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As the support and marketing analyst intern, I had a broad spectrum of responsibilities - troubleshooting customer issues, finding and logging bugs, creating and updating content for various teams, and providing insight on marketing strategies.

I answered customer support tickets via Freshdesk. I had a 6 minute average response time, nearly 3 times faster than the expected 15 minutes. During my time there, I answered over 1400 tickets, receiving only one “Not Good” rating. I was also responsible for managing the helpdesk article content. I proofread and edited articles based on customer feedback, as well as updated articles between product releases.

I also researched our competitive landscape to present to the co-CEOs. I found, analyzed, and presented the strengths, weaknesses of our main competitors, as well as potential areas of opportunity for the company to expand on.

I designed graphics such as custom survey backgrounds, blog post, help center, eBook, and email newsletter visuals using Adobe Photoshop, InDesign, and Illustrator. I also created content such as demo surveys and templates for use within our app, as well as monthly demo videos and help center videos in Adobe Premiere for our Youtube channel. In addition, I updated our marketing website using HTML, CSS, PHP, and git.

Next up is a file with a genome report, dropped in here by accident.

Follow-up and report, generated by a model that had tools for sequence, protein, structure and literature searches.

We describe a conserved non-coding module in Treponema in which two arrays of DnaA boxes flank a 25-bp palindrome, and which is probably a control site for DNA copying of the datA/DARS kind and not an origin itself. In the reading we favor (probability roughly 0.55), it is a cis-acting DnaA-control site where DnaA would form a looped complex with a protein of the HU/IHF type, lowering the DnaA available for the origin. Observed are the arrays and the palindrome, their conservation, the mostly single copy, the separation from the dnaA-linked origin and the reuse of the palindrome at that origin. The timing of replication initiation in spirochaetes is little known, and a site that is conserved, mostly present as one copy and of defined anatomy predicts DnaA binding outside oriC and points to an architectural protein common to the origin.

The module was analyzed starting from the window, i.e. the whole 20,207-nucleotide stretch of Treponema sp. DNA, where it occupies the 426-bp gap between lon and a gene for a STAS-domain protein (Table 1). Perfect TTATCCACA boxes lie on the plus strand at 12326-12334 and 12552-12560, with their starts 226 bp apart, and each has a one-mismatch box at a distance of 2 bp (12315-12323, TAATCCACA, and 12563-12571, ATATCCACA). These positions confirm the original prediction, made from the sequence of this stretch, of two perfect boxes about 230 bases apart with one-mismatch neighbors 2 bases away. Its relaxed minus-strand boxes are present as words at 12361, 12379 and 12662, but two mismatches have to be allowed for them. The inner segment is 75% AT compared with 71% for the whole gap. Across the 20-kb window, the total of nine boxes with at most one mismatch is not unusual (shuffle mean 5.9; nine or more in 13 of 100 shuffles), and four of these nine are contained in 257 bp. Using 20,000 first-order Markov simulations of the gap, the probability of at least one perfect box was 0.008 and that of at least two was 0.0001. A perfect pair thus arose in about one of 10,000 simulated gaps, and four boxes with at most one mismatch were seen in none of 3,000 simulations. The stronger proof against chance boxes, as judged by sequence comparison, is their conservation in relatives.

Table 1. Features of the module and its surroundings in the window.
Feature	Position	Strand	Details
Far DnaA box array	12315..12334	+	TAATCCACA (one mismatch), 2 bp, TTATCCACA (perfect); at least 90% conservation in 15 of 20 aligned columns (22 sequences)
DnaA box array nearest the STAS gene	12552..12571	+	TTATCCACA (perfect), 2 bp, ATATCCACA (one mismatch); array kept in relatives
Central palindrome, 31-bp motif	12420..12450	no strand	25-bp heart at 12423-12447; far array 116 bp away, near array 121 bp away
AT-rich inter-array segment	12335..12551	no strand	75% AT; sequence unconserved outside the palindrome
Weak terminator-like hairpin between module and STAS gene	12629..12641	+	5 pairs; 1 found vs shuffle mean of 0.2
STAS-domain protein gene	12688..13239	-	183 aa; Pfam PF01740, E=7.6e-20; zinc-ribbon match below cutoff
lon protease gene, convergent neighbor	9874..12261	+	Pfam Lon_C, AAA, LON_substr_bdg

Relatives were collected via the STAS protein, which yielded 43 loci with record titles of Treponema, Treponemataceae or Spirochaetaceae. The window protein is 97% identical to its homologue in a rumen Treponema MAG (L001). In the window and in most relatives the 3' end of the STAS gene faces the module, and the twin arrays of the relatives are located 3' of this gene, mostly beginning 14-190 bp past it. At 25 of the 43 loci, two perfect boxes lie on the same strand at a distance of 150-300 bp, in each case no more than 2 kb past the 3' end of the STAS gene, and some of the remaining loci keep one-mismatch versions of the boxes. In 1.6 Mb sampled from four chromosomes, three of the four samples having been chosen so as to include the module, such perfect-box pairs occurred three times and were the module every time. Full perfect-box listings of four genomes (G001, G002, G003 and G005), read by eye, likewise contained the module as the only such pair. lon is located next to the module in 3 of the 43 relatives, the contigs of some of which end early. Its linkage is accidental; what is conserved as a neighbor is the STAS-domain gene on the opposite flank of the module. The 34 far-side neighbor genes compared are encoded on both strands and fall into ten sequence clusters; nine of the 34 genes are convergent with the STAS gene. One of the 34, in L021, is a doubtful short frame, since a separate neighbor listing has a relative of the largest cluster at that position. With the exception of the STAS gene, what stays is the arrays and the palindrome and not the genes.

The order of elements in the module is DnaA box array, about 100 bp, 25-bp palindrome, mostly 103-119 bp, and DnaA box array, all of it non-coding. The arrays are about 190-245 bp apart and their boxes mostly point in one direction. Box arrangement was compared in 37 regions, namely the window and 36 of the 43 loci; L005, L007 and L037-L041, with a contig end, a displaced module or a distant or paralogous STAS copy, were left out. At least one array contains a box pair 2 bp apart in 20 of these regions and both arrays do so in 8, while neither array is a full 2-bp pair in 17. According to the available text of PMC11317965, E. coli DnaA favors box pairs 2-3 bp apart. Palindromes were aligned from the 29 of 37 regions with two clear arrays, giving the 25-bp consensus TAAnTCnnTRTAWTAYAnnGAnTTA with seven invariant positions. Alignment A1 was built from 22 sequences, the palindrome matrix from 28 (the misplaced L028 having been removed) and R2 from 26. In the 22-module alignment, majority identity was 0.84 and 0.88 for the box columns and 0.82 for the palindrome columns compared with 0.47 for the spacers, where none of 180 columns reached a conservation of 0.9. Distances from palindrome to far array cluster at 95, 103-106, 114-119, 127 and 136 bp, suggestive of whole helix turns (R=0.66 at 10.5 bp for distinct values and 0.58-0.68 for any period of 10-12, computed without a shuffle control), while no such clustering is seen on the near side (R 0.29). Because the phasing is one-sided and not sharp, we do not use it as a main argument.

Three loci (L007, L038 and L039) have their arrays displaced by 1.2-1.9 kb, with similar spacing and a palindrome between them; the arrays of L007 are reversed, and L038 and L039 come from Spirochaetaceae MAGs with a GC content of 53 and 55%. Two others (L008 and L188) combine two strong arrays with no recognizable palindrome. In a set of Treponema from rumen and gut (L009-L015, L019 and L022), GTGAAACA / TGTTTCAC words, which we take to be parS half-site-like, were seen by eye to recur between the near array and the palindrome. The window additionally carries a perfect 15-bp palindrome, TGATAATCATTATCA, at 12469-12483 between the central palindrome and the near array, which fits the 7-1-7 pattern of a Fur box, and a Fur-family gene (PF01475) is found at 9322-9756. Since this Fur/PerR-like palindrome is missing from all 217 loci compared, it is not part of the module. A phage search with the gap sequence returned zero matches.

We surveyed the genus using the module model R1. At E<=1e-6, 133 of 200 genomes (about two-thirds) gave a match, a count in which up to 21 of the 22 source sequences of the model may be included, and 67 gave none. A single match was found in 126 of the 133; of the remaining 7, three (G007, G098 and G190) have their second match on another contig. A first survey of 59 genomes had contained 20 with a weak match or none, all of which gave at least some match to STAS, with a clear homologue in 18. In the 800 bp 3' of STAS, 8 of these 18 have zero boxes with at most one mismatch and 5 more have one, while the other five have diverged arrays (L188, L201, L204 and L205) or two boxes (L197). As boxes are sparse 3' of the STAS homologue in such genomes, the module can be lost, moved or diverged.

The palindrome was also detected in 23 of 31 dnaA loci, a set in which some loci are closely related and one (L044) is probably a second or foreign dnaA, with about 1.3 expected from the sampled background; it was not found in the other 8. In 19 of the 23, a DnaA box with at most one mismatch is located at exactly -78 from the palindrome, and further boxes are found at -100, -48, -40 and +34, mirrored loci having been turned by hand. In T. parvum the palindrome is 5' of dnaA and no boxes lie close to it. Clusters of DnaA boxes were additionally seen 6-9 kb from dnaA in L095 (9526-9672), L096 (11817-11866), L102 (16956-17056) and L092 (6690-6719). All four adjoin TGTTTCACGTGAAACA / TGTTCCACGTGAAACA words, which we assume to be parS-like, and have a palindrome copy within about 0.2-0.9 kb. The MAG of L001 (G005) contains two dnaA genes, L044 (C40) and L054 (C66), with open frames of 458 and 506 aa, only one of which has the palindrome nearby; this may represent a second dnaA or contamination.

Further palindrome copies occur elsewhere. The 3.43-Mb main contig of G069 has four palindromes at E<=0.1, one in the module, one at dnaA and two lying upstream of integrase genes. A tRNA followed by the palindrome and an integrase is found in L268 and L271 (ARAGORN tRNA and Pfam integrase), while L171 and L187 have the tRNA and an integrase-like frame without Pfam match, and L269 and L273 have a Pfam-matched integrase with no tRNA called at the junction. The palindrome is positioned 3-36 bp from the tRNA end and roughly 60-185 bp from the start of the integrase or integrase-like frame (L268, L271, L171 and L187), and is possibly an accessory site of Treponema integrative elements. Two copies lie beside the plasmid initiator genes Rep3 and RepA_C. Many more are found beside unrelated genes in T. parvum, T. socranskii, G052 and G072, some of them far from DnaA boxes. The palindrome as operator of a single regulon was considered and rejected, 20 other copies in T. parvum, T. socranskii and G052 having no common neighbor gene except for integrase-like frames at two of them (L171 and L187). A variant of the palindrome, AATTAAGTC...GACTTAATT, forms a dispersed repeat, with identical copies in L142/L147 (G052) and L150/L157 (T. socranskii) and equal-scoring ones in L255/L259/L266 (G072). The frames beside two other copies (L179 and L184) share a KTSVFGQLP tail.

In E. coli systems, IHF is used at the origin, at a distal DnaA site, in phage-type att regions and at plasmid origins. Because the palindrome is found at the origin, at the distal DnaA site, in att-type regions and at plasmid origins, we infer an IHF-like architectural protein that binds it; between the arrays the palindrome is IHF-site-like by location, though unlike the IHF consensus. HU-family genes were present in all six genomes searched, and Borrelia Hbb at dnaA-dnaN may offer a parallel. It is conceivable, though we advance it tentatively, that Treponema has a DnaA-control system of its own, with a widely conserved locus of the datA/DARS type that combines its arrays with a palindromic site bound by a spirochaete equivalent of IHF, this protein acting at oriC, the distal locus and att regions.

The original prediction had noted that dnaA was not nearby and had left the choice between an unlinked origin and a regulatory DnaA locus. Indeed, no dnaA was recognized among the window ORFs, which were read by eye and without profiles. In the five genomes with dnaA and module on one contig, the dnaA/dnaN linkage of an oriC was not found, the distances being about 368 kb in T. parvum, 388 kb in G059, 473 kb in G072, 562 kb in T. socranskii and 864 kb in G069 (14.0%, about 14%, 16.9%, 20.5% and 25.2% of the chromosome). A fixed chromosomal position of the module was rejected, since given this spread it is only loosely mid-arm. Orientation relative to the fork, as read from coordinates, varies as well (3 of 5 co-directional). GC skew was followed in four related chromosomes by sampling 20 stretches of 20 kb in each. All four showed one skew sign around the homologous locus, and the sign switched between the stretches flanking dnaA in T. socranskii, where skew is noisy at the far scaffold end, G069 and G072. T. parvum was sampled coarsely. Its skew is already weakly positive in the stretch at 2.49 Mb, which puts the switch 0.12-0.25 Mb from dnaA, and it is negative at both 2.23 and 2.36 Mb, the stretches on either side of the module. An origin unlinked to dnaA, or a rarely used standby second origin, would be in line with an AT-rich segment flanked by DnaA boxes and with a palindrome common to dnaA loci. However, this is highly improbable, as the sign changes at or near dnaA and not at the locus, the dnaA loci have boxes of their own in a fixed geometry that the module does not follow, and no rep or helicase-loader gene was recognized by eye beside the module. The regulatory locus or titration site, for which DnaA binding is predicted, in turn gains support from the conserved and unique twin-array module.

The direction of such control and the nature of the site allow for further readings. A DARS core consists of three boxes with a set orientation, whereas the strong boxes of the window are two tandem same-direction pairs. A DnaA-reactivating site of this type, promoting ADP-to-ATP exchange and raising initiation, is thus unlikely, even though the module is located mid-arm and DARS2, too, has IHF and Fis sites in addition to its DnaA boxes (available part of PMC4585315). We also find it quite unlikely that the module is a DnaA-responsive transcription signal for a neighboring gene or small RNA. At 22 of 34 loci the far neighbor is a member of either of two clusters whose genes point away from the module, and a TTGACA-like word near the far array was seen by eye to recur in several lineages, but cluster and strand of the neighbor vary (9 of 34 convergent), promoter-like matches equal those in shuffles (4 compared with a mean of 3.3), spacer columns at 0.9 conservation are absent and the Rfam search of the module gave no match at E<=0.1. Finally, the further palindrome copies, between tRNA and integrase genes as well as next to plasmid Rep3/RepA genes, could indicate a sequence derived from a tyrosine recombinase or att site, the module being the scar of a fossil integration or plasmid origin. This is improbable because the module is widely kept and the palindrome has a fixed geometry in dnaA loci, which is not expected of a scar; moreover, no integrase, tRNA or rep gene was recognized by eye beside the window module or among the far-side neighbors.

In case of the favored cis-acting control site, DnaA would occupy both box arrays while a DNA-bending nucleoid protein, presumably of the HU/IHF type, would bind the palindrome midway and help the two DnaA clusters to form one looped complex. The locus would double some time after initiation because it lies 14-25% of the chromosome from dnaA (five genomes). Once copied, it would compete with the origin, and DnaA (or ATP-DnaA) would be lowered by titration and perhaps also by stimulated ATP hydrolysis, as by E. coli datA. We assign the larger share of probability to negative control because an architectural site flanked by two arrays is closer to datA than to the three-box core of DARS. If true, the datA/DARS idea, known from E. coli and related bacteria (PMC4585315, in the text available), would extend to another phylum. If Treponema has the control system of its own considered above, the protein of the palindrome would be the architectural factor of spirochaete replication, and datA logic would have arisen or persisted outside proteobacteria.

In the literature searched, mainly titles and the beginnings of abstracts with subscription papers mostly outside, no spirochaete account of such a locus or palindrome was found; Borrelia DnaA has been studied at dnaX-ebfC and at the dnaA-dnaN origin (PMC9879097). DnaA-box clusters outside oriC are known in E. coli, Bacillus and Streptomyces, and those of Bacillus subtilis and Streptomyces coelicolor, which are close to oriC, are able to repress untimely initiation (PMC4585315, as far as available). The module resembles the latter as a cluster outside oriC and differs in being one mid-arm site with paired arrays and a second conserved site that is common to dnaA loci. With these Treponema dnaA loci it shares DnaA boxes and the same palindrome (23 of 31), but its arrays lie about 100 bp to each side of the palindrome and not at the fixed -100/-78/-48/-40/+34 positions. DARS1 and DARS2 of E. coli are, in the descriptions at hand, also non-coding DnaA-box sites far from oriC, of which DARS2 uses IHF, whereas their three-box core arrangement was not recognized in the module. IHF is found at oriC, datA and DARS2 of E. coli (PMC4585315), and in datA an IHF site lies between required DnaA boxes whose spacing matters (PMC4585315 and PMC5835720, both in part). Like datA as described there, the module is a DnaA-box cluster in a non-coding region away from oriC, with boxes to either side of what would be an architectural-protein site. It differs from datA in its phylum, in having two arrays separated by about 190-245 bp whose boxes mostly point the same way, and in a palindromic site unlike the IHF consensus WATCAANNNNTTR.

I also helped the QA team with regression testing between releases, and documented bugs in production in Axosoft. I created a new system to document crash reports sent in by customers, analyze them and create visuals based off them so that the dev team can pinpoint and fix flaws in the product.

At my time at QuickTapSurvey, I also created a translation web app for our support and sales team to use. Using Google’s translate API, I created a web app that streamlined the process of translating and responding to emails from non-English customers. My app ended up cutting down the response times by approximately half, and was adopted for use by the entire team.



Web Developer

August 2013 to May 2015
Toronto, ON
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The Reckoner of Marc Garneau

I was part of the web development team for our high school newspaper, The Reckoner. As a web developer I was responsible for managing the website files, content, and user accounts within WordPress. I optimized our website by resizing existing images, improving our loading time. I also helped redesign the website layout using CSS, and assisted with the subsequent relaunch.